Reduction of Part Counts and Composite Materials for Aircraft Structures

626 WordsJan 30, 20183 Pages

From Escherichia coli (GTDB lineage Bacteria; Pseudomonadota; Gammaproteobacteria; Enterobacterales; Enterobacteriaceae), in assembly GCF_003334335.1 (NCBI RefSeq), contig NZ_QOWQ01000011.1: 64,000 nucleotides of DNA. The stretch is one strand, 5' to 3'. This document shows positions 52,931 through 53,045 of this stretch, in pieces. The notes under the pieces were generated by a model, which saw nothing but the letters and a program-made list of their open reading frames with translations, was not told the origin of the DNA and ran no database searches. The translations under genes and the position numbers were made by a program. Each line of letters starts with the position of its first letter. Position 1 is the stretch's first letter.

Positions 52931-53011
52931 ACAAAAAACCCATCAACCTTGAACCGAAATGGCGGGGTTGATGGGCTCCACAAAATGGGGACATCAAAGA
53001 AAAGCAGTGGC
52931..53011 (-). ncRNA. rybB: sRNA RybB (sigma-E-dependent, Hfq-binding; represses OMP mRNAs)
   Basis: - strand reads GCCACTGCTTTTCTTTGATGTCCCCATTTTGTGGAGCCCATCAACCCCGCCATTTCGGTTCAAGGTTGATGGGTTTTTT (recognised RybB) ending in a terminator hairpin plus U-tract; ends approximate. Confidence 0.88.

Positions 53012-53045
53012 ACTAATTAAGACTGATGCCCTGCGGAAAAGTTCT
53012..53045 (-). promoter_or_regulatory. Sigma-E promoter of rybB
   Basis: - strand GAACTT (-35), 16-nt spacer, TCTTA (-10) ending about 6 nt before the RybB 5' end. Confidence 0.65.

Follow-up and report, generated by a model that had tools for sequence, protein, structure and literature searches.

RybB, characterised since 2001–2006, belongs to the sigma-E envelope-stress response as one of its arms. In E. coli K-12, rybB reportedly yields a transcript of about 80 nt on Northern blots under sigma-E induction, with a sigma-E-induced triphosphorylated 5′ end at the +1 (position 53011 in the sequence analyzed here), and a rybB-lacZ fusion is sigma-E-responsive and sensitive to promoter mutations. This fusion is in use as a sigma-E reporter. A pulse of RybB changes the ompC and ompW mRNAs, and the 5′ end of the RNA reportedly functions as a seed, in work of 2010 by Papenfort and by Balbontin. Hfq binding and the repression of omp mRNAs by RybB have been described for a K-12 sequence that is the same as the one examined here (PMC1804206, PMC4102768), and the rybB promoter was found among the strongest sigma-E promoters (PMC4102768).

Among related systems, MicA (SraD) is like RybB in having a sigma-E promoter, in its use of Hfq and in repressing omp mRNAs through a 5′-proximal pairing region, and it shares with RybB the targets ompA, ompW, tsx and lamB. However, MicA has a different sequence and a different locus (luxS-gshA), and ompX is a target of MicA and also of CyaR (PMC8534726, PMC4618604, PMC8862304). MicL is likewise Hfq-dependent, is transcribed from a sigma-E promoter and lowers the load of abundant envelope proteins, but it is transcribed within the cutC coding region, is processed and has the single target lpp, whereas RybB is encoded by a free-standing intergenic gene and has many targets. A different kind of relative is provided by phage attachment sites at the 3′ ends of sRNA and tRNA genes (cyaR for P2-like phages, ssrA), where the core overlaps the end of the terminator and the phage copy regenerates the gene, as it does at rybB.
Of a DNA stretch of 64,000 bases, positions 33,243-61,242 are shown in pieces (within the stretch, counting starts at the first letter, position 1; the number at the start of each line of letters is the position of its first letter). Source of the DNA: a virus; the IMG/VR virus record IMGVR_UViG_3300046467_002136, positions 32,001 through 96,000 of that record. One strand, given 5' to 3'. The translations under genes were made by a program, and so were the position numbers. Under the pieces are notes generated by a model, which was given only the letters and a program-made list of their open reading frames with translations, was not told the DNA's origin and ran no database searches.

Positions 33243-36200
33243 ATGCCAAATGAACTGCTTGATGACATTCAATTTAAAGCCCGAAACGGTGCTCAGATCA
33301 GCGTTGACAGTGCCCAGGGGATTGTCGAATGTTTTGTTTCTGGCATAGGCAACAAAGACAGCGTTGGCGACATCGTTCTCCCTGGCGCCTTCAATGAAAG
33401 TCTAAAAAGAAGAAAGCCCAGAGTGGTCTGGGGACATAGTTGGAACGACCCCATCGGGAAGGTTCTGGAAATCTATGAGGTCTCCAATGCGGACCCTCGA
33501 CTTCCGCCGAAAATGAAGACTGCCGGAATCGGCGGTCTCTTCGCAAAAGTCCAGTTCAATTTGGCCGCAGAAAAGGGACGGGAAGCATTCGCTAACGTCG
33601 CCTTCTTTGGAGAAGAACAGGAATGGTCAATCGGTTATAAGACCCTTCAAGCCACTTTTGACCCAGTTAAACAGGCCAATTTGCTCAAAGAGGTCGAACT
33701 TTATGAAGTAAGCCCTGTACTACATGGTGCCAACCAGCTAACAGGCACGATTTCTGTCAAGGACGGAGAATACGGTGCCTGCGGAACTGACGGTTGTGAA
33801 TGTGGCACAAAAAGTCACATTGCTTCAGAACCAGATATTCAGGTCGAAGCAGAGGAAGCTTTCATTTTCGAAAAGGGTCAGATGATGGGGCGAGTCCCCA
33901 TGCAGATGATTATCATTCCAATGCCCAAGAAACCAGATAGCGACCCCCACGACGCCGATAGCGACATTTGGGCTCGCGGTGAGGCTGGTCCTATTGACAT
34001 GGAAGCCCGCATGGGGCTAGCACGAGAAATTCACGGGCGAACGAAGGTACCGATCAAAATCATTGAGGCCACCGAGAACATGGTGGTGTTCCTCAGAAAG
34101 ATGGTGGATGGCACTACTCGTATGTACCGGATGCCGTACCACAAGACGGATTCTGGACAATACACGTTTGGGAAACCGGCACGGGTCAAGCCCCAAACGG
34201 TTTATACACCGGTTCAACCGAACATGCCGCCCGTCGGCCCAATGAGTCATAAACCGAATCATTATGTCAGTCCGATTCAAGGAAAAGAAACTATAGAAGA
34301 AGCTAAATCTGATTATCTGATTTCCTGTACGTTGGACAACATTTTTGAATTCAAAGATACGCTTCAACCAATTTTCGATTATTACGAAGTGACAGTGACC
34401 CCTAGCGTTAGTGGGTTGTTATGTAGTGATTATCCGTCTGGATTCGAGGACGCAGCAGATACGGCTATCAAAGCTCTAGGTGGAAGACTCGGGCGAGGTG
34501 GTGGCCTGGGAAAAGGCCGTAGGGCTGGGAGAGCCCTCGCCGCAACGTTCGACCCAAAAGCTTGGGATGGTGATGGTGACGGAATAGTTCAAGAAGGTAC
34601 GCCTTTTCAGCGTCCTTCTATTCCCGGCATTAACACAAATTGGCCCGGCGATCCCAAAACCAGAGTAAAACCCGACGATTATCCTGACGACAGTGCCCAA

Composite materials comprise significantly greater percentages of airframe structural materials used throughout the aerospace manufacturing process. This increased usage has led many individuals within the Air Force (AF) community and Department of Defense (DoD) leaders to restudy the life cycle cost (LCC) models used to estimate the costs for most weapon systems. A series of composite affordability initiatives (CAI) have culminated in significant evidence over the last three decades which aids in better quantifying the impact of primarily advanced composite materials in the airframe structures of aircraft. Current accelerated use of advanced composite materials in aircraft, sporting goods, and medical products is a result of the versatility of composites. This paper finds that a significant relationship exists between the reduction of the part counts and the large scale advanced composite materials used in life cycle cost (LCC) models for aircraft structures. The reduction percentages in the part counts led to reductions in the percentages of touch labor hours in design, design support, testing, tooling, manufacturing, and quality assurance. This percentage of reduction affects most development and production cost categories. Introduction: The available life cycle cost (LCC) models and procurement strategies do not take into consideration the varied manufacturing techniques for advanced composite materials. The increased use of advanced composite materials in aerospace

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